Food & Drinks

Sink Your Drink | PUNCH

If a “float” adorns the top of a cocktail, then a “sink,” well, sinks to the bottom, where it can add a surprising burst of flavor.

“It’s a technique you don’t see used regularly, but it can work so well,” says Jelani Johnson, bartender at Brooklyn’s Clover Club. In addition to the visual impact of a stripe at the bottom of the glass, sunken ingredients likewise pop on the palate. “Anything you don’t add to the shaker, at the end it will inevitably stand out.”

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The technique isn’t entirely new. The Tequila Sunrise and the Bramble number among several classics and modern classics that encourage viscous syrups or liqueurs, from grenadine to blue Curaçao, to settle at the bottom of a glass. Yet, bartenders are using it in novel ways. For example, Johnson sinks a measure of lemon juice, as opposed to a liqueur or syrup, to the bottom of his tropical Black Bolt cocktail. The drink, developed for a tiki night at Fort Defiance (now closed), features three kinds of rum, lemon juice and grapefruit. But the spotlight ingredient is a flavorful demerara syrup made with grilled pineapple and maple.

“It has such heavy, concentrated flavors,” he recalls. “I could not get the balance of citrus to syrup right.” After about 10 iterations of the drink, he found the solution: Leave the lemon juice out of the cocktail shaker, and add it to the glass separately—either first or last. As long as it stays out of the shaker, it won’t integrate with the rest of the drink, and will settle to the bottom in undiluted form. As a result, “the lemon is brighter and shines more,” says Johnson.

The “sink” technique also allows a drink to transform as it’s consumed. For his Daiquiri-Negroni mashup at Atlanta’s Ticonderoga Club, head bartender Alec Bales found that sinking a quarter-ounce of a house red bitter blend to the bottom of a rhum agricole–based Daiquiri meant that the first sips would be refreshing and bright, evolving to a surprising, grapefruit-like last sip. “It’s a funky, savory Daiquiri that finishes bitter,” says Bales.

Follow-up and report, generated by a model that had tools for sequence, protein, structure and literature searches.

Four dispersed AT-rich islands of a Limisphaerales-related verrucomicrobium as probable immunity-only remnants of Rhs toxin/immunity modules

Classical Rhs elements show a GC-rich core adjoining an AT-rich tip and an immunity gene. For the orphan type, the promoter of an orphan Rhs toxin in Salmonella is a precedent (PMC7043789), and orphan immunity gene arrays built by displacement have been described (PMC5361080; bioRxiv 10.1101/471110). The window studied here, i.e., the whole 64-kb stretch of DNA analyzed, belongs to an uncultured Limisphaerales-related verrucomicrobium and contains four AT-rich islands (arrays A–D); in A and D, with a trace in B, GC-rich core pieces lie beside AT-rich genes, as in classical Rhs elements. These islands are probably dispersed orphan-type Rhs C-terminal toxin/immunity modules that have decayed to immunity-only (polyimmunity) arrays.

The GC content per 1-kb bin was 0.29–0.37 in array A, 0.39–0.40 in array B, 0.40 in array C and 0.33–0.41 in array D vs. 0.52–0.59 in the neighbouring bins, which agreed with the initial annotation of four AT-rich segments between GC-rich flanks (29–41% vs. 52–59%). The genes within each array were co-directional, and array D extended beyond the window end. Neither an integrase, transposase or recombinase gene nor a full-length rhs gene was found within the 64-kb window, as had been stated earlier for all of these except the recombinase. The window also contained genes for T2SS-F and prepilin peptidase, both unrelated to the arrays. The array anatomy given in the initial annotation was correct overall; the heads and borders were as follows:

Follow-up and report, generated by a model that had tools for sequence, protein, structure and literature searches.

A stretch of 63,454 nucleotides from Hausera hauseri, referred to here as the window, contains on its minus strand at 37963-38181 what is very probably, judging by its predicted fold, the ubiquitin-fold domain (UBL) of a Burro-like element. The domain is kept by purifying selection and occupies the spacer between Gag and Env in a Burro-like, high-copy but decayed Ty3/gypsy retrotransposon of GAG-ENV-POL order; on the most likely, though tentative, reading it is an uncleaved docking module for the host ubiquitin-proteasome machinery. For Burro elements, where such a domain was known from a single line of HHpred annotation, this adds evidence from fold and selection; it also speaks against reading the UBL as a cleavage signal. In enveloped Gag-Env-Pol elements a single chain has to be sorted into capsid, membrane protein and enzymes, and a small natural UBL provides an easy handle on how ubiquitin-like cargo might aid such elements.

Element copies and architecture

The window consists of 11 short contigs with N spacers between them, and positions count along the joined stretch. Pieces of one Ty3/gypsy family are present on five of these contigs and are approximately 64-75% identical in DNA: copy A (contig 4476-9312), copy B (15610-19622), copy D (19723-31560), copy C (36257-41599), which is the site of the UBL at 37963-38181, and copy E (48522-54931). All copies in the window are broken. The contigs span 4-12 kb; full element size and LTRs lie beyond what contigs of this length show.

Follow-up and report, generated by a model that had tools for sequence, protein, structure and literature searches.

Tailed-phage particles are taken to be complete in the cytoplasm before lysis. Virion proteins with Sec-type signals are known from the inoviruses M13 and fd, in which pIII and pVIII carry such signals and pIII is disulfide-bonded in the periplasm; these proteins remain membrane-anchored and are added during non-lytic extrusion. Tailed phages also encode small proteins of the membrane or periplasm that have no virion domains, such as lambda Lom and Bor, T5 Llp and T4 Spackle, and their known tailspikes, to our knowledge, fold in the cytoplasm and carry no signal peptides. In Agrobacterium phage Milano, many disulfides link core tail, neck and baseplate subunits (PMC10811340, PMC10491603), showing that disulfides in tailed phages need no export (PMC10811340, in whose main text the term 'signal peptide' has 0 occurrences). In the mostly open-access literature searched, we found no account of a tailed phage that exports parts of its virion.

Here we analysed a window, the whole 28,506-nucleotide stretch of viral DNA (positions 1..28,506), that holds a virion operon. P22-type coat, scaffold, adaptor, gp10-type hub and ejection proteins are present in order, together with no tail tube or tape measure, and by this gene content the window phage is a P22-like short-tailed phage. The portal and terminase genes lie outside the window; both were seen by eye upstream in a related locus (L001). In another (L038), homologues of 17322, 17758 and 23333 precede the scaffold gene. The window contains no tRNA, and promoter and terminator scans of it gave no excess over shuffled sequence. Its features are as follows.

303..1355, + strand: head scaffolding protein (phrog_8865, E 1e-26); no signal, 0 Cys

To ensure it drops to the bottom of the glass, Bales recommends pouring the red bitter into a jigger first, then setting it aside while the rest of the drink is prepared. He then pours it gently down the side of the glass. “It doesn’t disturb the drink,” he explains. A similar effect can be achieved by drizzling the ingredient of choice along the handle of a spiraled barspoon. But some bartenders take a reverse approach—“floating” most of a drink rather than “sinking” a single ingredient. The end result, however, is the same.

The Red Light, created by Jessica Gonzalez for New York’s NoMad, opts for this latter approach, starting with a pour of Campari, followed by a two-inch ice cube centered in a rocks glass. The rest of the drink—a mixture of rum, aquavit, citrus and falernum—is then poured over the flat of the cube so the liquid cascades over the edges like a fountain, settling gently over the red bitter to create an ombre effect. Natasha David’s Samarian Sunset also uses this method.

Although bartenders tend to favor this technique in shaken drinks where aeration offers a slight advantage in allowing the mixture to float above the sunken ingredient, it can work with stirred drinks too. As with any layered cocktail, the weight and viscosity of the sunken ingredient simply need to be taken into consideration to ensure it will, in fact, sink.

No matter how that liquid finds its way to the bottom of the glass, it’s a useful tool for delivering small pops of flavor.  The key, however, is not to disturb the layers once the drink has settled. “If you sit there with a straw and stir it, that defeats the purpose,” says Johnson. “You might as well shake it up.”


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